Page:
AFTER the death of a monster crocodile seen struggling in the Proserpine River, environmentalists are outraged authorities couldn't save the animal.
The Department of Environment and Heritage Protection (DEHP) confirmed wildlife officers received a report of a crocodile "possibly caught in a rope underwater" on Saturday.
A spokeswoman said the Department had responded - although the exact nature of the action undertaken was not clear.
She said the 4.1-metre crocodile was submerged under a rising tide and "there was nothing that could be done".
The carcass of the male crocodile washed up on the banks of Goorganga Creek, south-east of Proserpine, on Wednesday.
Whitsunday Crocodile Safari guide Mark Norman posted a photo of the dead croc on Facebook, saying the reptile still had a rope tied to its tail.
"At first I thought it may have been illegally killed, but I have since learned that this crocodile was reported a few days ago having been found struggling with rope caught up around it," he wrote. "I ran the tape measure over him, and he was 4.1 metres."
Since then, other Facebook users have reported seeing the reptile struggling in the water on Saturday.
Whitsunday Fauna Rescue Association volunteer Liza Sparke said "an extremely concerned member of the public" made a report to them when the animal was still alive.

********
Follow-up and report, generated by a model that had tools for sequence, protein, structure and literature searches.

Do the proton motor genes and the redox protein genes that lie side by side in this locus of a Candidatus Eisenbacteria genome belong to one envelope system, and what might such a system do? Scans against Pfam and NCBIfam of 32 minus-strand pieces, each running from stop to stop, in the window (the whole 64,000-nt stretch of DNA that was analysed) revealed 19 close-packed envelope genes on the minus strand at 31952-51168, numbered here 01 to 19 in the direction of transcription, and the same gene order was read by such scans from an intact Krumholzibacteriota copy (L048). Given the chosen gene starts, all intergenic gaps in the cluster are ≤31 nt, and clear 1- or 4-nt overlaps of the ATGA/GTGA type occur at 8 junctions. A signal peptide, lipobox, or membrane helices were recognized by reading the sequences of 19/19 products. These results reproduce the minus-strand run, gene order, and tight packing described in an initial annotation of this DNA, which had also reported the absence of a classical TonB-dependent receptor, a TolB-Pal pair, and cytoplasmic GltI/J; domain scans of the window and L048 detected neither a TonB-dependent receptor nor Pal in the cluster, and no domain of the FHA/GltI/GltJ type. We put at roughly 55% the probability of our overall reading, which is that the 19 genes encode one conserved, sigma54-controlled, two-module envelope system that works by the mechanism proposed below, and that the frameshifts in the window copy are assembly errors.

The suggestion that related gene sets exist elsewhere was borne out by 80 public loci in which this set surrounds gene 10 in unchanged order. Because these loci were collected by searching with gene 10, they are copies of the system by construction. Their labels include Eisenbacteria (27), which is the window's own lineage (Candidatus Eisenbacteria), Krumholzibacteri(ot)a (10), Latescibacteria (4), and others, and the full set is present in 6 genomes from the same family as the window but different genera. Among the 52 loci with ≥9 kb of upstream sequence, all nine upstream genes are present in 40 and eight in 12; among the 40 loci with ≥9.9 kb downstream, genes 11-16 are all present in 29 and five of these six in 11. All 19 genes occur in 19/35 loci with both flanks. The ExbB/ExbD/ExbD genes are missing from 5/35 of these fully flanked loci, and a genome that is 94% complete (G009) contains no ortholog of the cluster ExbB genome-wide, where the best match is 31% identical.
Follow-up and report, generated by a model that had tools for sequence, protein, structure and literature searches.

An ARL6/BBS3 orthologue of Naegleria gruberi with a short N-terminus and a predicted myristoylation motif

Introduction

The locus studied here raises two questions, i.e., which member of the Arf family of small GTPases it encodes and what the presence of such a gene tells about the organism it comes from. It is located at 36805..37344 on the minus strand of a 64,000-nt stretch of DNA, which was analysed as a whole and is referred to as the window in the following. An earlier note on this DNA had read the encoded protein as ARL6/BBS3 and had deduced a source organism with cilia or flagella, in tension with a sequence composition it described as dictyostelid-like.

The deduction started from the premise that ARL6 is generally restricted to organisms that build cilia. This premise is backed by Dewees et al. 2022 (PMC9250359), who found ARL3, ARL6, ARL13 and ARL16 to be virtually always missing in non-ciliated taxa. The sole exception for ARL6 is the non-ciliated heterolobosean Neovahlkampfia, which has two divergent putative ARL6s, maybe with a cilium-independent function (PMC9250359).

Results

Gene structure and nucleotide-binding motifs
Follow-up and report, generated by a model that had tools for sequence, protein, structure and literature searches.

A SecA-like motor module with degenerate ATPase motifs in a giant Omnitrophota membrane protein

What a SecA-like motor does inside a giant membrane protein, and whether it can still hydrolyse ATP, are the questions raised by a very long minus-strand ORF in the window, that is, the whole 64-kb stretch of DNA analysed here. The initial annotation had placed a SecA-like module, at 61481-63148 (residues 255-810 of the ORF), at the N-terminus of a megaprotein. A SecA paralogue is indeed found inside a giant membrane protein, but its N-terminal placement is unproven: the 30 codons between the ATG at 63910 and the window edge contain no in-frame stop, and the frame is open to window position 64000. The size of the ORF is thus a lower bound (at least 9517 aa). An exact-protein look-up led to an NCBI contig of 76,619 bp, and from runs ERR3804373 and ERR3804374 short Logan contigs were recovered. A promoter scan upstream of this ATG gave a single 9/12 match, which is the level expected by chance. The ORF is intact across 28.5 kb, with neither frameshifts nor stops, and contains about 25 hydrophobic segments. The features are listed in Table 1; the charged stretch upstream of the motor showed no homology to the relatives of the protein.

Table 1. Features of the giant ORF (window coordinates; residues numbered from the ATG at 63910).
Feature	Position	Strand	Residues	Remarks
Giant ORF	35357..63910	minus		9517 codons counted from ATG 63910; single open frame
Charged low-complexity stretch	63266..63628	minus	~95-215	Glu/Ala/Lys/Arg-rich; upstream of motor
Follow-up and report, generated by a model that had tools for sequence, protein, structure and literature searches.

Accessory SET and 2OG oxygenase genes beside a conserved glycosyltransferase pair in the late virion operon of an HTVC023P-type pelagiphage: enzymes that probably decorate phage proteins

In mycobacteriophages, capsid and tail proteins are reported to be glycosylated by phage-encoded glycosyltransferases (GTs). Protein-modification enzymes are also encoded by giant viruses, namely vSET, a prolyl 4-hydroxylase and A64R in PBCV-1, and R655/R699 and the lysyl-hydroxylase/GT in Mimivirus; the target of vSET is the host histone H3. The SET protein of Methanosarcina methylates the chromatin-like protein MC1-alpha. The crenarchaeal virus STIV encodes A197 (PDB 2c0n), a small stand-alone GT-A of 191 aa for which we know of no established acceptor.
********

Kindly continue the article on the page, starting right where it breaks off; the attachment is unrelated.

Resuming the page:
She then informed the DEHP.
"I was assured they (the DEHP) would act on it and I made it clear I would follow up later and I stressed no less than three times, the urgency due to the tide coming in," Ms Sparke said.
"At this point I was optimistic that appropriate action would be taken in reasonable time. I had another call later from the original people that reported the situation to say that things were not looking good, that the croc's head was now underwater and there were bubbles presenting on the water surface."
Mr Norman is on the river every day and said if the croc had managed to tangle itself in the rope of a crab pot "it is a very unusual situation for this to happen".
"That is a very strange thing and I don't know how on earth it got like that, it's very unusual," he said.
Mr Norman had also reported the incident to the DEHP and was talking to someone yesterday who he hoped would be able to shed some light on the mystery.
Wildlife officers reminded people to remove fishing nets, lines and rope from waterways.
Crocodiles were nearly hunted to the point of extinction for the use of their hides in the Proserpine River until they became protected in 1974.
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